Brittany Keech does not know how a message from 100 years ago landed in her mailbox. Now she’s trying to find relatives of the intended recipient.
Jonathan Matthew Torres “preyed upon Beaumont,” terrifying residents days after a bomb spree in Austin, federal officials said.
Facing multiple investigations and calls for his ouster, the postmaster general turned to a G.O.P. lobbyist viewed as adept at reaching out to Democrats.
The five Republicans on the seven-member board have taken a hands-on role in trying to defend the agency against accusations that it is trying to help the president win a second term by sabotaging voting by mail.
Communities are running short on time to hire poll workers and reconfigure in-person voting to make it safe during a pandemic.
Time is marching on, toward Election Day. Somehow.
Since 1905, four generations of Quinns have delivered letters, packages and passengers to the islands of Penobscot Bay. A lost summer could sink the tradition.
Documents obtained through a public records request showed the degree to which XPO Logistics, Postmaster General Louis DeJoy’s former employer, is intertwined with the agency he now oversees.
Election experts said that Tuesday’s primary offered a mix of smart policies and harsh deadlines, and that the state benefited from not having a highly charged political atmosphere.
What if early results in swing states on Nov. 3 show President Trump ahead, and he declares victory before heavily Democratic mail-in votes, which he has falsely linked with fraud, are fully counted?
The findings underscore deep concerns about whether the agency will be able to process what is expected to be a significant increase in mail-in votes for the presidential election.
The chairwoman of the House Oversight Committee said the postmaster general had withheld requested documents, telling her panel his verbal testimony should suffice.
The pandemic has made it more complicated to vote from overseas this year, so it’s best to do it early. Voters from some states need to be extra careful.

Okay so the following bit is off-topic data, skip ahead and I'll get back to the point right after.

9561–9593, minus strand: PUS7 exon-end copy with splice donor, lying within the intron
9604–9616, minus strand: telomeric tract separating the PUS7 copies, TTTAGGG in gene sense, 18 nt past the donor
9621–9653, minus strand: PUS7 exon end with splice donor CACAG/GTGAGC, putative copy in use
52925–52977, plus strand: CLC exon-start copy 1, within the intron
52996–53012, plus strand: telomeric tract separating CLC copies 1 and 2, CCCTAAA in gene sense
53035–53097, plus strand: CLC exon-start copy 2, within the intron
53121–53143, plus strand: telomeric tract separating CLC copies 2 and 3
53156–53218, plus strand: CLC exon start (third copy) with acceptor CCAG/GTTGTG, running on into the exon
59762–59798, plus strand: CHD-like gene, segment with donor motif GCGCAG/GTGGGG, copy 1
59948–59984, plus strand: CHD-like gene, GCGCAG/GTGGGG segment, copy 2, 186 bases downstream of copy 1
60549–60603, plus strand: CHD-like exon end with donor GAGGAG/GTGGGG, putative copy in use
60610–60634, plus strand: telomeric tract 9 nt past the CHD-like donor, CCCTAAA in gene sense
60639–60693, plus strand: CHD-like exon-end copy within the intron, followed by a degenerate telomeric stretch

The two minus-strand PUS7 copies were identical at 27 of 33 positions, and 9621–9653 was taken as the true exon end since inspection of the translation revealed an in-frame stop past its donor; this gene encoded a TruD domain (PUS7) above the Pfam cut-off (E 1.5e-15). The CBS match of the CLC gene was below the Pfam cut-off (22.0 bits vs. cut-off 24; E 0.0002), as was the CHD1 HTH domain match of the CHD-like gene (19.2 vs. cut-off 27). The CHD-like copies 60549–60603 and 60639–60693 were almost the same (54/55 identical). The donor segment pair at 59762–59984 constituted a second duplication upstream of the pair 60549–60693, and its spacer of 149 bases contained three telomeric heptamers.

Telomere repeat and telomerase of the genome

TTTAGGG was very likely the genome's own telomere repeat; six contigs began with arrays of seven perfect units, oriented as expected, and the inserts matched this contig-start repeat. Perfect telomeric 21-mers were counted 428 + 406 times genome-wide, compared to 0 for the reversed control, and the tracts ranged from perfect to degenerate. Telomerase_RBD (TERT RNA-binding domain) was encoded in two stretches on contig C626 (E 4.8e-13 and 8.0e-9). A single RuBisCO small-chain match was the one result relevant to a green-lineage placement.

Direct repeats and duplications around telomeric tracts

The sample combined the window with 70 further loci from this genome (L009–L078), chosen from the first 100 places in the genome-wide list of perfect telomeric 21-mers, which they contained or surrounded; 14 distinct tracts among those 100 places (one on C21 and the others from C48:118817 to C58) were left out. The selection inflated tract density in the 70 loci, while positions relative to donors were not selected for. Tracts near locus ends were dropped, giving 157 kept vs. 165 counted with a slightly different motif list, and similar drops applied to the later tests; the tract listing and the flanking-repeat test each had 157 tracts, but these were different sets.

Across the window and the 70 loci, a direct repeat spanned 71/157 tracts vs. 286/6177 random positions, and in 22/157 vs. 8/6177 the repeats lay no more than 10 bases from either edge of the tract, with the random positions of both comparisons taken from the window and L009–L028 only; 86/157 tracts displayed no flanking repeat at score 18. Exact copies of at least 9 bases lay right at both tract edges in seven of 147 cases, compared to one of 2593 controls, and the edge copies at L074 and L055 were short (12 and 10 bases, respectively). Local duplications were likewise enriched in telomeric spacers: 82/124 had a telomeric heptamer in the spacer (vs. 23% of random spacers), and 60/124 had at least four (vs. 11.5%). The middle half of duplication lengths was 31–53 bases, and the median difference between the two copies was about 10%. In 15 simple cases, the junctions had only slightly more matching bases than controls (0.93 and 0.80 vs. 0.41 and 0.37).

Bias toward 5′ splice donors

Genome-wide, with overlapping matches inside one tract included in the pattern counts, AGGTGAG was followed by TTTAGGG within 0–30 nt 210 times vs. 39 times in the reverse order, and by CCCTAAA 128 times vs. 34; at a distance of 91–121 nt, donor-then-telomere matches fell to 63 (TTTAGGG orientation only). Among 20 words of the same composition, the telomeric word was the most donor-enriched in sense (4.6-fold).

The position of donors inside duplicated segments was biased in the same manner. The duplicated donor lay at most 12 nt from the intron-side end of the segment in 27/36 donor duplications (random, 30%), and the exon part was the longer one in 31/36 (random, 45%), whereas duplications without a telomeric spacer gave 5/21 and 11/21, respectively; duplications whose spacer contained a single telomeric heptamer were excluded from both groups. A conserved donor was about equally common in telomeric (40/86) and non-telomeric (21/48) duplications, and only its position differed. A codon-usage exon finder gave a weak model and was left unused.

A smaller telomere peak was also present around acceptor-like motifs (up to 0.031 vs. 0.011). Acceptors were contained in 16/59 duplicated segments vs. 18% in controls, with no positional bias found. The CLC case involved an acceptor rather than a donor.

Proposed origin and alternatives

The president’s behavior is that of a desperate man.
At President Trump’s behest, the Treasury Secretary sought out appointees who would restructure the United States Postal Service.
The Democratic bill up for debate would send $25 billion to the Postal Service and reverse changes that have slowed service until after November’s election.
The postmaster general, under fire for recent changes that have slowed mail delivery, defended his approach and asked Congress to help free the Postal Service from costly retirement obligations.
The state, which struggled with mail-in voting in the June primaries, is gearing up for a much greater volume of votes in November.
In addition to concerns over mail-in voting, the cost-cutting at the Postal Service affects the millions of people who get their prescriptions by mail.
Democrats are calling on Louis DeJoy to step down amid concerns that changes already made could disenfranchise voters in November.
Recent cuts have raised a question: Is President Trump deliberately slowing the mail to help his chances in the election?
Policy changes by the postmaster general prompted allegations that the Trump administration was trying to disenfranchise voters before the 2020 election.
A free and fair vote and the prospect of a peaceful transfer of power are both in question.
I was a regulator of the Postal Service for nearly 18 years under three presidents. Everyone should stay calm.
Trump is “flooding the zone.” It’s a form of modern censorship.